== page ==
The rise in Eastern European literature in the diaspora 

Having novels that can be printed or sold  as e-books and audiobooks needs a certain level of marketing to ensure that the global market is reached. When Maxim and the Glagoslav team started, they promoted the books primarily on social media to gain more publicity and spread awareness. 

Recently, Maxim took on a Public Relations manager, who fluently speaks Russian, Dutch and English, from the Netherlands. The new PR manager is an asset to the company as he knows how to communicate with media outlets and with his help, they will be promoting these novels even more now. 

Since the war, the novels have become even more important. 

Distributing Ukrainian novels

As the war continues, about 10 million have fled Ukraine, and possibly around 8 million of these people fled to the Western world. The majority of this diaspora does not have any access to Ukrainian literature.

Maxim explains that “The programme we started is going to try to bring the Ukrainian books to the west—to the libraries, to the shops, to the schools where children study.”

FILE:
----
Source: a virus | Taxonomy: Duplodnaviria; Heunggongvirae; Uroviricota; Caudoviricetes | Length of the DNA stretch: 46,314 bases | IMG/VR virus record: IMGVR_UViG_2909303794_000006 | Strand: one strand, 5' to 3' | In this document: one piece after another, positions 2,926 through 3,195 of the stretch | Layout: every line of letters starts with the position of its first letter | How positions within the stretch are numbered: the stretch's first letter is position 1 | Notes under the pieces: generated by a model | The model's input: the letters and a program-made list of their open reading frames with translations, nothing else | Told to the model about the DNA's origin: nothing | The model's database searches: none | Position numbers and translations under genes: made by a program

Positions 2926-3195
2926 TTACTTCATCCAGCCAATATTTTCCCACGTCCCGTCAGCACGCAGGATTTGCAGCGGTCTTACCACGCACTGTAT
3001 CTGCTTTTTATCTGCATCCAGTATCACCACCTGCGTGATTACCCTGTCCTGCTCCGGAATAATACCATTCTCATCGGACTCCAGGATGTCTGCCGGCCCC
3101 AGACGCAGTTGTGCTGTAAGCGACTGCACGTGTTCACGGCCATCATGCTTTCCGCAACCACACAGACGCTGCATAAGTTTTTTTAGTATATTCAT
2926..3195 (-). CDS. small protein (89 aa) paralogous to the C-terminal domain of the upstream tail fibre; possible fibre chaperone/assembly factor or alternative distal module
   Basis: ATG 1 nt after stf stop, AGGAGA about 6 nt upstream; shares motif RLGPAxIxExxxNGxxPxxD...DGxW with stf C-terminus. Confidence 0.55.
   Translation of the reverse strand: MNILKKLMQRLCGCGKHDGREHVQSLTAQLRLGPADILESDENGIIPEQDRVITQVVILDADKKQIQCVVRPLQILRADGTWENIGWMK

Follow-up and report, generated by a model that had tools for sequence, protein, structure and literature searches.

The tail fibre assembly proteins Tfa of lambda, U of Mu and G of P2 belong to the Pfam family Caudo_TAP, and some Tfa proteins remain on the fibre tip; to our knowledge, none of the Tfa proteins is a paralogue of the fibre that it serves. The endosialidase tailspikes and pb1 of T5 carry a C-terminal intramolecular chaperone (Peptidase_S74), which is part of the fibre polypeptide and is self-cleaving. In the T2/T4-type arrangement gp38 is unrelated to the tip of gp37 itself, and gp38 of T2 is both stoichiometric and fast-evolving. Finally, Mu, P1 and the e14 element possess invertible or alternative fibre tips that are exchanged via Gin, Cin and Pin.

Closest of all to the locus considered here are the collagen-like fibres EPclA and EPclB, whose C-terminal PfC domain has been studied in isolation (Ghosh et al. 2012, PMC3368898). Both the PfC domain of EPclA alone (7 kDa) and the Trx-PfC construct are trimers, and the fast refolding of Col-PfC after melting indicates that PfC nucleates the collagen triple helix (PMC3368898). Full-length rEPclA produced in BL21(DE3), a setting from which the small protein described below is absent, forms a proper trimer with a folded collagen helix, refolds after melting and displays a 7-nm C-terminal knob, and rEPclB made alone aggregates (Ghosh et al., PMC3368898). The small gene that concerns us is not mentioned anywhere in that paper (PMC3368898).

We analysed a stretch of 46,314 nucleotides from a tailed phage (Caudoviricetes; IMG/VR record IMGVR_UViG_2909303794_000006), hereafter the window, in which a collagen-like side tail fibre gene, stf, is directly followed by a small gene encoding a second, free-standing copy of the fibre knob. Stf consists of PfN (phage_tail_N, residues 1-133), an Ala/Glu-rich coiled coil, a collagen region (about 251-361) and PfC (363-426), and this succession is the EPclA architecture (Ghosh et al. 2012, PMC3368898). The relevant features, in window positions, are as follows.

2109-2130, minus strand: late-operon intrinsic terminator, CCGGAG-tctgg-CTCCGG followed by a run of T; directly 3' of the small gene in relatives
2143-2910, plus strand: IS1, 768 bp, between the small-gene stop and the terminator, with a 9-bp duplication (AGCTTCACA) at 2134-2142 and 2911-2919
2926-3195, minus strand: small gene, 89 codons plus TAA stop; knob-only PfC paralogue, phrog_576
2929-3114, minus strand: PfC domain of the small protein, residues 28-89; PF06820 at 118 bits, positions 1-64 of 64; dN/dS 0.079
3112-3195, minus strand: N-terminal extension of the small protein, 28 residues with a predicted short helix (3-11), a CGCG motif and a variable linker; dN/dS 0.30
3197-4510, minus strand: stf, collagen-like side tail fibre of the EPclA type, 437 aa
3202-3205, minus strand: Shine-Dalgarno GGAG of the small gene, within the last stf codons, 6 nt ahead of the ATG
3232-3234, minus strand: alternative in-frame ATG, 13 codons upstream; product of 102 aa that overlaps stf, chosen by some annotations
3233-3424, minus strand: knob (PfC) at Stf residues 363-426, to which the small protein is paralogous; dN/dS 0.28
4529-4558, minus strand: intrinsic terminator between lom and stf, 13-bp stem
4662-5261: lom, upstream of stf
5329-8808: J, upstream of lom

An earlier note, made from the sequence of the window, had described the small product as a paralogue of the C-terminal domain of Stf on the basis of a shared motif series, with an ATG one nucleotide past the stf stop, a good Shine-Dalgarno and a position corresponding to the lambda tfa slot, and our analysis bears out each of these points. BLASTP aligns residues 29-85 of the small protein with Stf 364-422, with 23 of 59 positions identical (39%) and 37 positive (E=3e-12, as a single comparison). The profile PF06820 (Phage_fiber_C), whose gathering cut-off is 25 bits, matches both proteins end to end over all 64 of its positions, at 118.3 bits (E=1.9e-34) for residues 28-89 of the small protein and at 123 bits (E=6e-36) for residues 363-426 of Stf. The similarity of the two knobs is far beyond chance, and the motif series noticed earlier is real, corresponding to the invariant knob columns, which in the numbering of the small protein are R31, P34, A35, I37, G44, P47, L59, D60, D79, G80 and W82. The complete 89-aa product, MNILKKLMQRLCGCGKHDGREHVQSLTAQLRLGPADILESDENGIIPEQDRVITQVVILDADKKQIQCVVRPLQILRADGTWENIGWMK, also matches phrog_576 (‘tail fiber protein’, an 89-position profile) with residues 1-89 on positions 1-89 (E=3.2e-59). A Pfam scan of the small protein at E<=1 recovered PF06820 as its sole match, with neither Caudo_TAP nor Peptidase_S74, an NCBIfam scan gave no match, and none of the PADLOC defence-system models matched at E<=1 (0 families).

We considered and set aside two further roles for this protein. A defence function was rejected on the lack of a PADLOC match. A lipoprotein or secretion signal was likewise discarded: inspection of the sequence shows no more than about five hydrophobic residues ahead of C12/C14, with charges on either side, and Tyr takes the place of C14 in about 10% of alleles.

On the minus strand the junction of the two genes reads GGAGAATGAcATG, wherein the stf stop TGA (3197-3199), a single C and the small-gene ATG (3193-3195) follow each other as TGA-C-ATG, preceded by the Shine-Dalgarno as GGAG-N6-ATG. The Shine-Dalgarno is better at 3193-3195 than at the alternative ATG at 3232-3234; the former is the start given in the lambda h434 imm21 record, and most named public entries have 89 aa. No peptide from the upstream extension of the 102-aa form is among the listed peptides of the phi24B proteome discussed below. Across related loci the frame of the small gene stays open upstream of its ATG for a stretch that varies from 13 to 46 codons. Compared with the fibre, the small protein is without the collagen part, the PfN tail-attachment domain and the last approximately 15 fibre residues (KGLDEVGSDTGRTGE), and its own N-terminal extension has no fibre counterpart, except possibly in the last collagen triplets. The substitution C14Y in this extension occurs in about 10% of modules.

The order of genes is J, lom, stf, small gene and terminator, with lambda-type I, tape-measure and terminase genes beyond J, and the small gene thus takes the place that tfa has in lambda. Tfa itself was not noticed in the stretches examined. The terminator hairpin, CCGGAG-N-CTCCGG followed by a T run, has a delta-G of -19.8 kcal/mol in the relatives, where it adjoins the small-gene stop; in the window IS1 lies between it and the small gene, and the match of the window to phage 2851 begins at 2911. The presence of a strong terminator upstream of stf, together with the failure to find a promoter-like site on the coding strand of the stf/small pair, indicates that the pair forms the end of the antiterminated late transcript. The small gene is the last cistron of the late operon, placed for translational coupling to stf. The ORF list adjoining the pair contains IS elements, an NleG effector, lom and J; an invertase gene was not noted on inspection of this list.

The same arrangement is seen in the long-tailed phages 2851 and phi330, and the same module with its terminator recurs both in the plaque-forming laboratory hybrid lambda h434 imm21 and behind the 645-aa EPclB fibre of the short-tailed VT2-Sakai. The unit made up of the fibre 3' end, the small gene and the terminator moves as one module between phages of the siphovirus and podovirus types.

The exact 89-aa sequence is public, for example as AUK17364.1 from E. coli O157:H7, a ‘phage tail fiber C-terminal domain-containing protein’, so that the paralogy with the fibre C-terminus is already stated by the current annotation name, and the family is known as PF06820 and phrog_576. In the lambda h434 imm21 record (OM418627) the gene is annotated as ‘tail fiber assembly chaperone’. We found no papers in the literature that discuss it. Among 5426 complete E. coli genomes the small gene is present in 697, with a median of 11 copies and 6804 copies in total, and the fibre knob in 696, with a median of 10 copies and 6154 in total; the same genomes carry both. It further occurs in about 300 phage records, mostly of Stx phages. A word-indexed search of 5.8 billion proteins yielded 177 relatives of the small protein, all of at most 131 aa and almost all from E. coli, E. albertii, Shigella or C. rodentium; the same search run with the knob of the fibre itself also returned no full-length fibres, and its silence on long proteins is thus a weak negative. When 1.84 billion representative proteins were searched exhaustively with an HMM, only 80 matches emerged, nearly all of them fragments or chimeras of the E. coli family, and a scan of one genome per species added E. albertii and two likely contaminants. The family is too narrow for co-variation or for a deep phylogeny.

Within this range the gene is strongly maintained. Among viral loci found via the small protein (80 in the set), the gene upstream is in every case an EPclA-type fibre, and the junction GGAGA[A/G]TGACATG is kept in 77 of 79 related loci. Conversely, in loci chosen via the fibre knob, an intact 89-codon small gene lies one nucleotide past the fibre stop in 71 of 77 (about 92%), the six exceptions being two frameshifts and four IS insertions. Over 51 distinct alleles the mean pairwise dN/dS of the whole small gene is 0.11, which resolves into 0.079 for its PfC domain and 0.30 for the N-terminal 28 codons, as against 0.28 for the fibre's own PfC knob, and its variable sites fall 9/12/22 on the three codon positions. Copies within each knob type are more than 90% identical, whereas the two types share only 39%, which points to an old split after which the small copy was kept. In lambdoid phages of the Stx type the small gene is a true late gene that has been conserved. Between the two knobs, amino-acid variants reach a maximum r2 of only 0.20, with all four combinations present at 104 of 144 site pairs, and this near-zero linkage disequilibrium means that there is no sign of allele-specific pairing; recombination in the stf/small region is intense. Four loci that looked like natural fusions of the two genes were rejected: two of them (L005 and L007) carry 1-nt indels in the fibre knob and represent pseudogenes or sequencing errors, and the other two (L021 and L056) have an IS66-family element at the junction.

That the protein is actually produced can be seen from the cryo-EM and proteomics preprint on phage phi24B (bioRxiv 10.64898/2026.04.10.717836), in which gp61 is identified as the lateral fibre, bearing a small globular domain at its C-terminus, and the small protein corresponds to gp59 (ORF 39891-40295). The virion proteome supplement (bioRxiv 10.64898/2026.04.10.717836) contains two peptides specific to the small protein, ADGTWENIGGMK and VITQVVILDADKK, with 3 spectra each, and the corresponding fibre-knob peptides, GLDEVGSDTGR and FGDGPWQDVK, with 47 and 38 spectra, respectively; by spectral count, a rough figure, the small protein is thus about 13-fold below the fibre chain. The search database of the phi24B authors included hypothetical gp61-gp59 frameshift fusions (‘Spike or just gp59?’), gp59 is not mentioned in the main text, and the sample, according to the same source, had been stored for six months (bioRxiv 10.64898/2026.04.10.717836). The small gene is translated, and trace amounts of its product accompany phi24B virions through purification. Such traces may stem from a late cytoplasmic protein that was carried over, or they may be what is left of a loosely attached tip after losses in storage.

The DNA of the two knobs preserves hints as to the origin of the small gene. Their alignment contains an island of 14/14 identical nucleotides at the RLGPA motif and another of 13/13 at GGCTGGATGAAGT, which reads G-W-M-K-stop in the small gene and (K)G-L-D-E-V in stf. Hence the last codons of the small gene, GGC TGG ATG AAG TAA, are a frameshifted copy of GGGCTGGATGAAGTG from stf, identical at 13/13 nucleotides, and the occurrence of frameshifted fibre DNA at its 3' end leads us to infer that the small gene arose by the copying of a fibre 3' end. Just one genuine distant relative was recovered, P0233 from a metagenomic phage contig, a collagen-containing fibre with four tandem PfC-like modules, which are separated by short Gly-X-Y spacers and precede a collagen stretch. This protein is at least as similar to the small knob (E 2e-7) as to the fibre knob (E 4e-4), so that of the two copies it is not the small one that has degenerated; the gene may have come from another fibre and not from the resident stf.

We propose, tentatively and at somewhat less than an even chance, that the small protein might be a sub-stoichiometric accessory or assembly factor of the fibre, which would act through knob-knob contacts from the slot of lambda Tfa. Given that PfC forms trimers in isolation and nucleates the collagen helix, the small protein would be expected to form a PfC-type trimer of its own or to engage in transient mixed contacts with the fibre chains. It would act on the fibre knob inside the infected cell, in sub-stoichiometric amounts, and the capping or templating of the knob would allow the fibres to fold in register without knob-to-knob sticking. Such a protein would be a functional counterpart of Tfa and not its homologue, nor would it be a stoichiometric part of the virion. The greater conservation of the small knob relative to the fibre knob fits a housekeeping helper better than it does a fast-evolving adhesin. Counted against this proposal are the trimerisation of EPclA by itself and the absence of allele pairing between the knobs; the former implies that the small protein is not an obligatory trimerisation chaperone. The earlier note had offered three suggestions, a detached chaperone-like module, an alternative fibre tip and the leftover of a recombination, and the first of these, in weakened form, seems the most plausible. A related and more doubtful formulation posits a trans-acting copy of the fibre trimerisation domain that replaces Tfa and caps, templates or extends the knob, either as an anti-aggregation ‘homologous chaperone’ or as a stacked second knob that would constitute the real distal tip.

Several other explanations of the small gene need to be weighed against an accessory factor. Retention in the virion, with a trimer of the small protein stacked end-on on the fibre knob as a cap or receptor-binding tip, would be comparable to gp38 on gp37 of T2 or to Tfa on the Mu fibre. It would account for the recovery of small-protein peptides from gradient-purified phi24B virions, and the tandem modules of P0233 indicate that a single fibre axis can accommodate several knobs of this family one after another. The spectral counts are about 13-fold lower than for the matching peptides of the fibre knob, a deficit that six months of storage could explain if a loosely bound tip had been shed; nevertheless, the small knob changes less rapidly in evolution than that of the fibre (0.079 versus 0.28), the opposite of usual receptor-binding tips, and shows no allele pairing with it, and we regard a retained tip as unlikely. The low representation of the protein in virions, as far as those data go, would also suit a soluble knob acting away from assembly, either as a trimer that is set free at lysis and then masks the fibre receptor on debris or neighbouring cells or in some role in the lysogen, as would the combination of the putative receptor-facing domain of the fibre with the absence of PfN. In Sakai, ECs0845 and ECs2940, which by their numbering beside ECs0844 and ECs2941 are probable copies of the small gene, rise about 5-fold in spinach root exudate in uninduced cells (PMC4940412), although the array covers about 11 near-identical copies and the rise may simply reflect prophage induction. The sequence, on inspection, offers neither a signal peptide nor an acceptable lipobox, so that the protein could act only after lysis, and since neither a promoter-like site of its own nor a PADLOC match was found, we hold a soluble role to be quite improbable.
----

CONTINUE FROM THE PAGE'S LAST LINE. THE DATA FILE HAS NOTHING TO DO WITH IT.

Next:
Distributing Ukrainian novels to the Western world has become more important because of the war in Ukraine. Having Ukrainian novels in the Ukrainian language being printed and distributed in the Western world, is a precious reminder of home. Maxim and the Glagoslav team realize this importance and plan to make their distribution project a reality so that people can read books from their home country in their home language. 

Making Ukrainian novels accessible in the Ukrainian language serves not only as a reminder of home, it also keeps the language and culture alive. The war is still ongoing and when it will end remains unknown, what can be said is that there are children who won’t be raised within their  culture as their parents were. These novels are a piece of their culture and of their mother language, and it can help keep it with them in the West.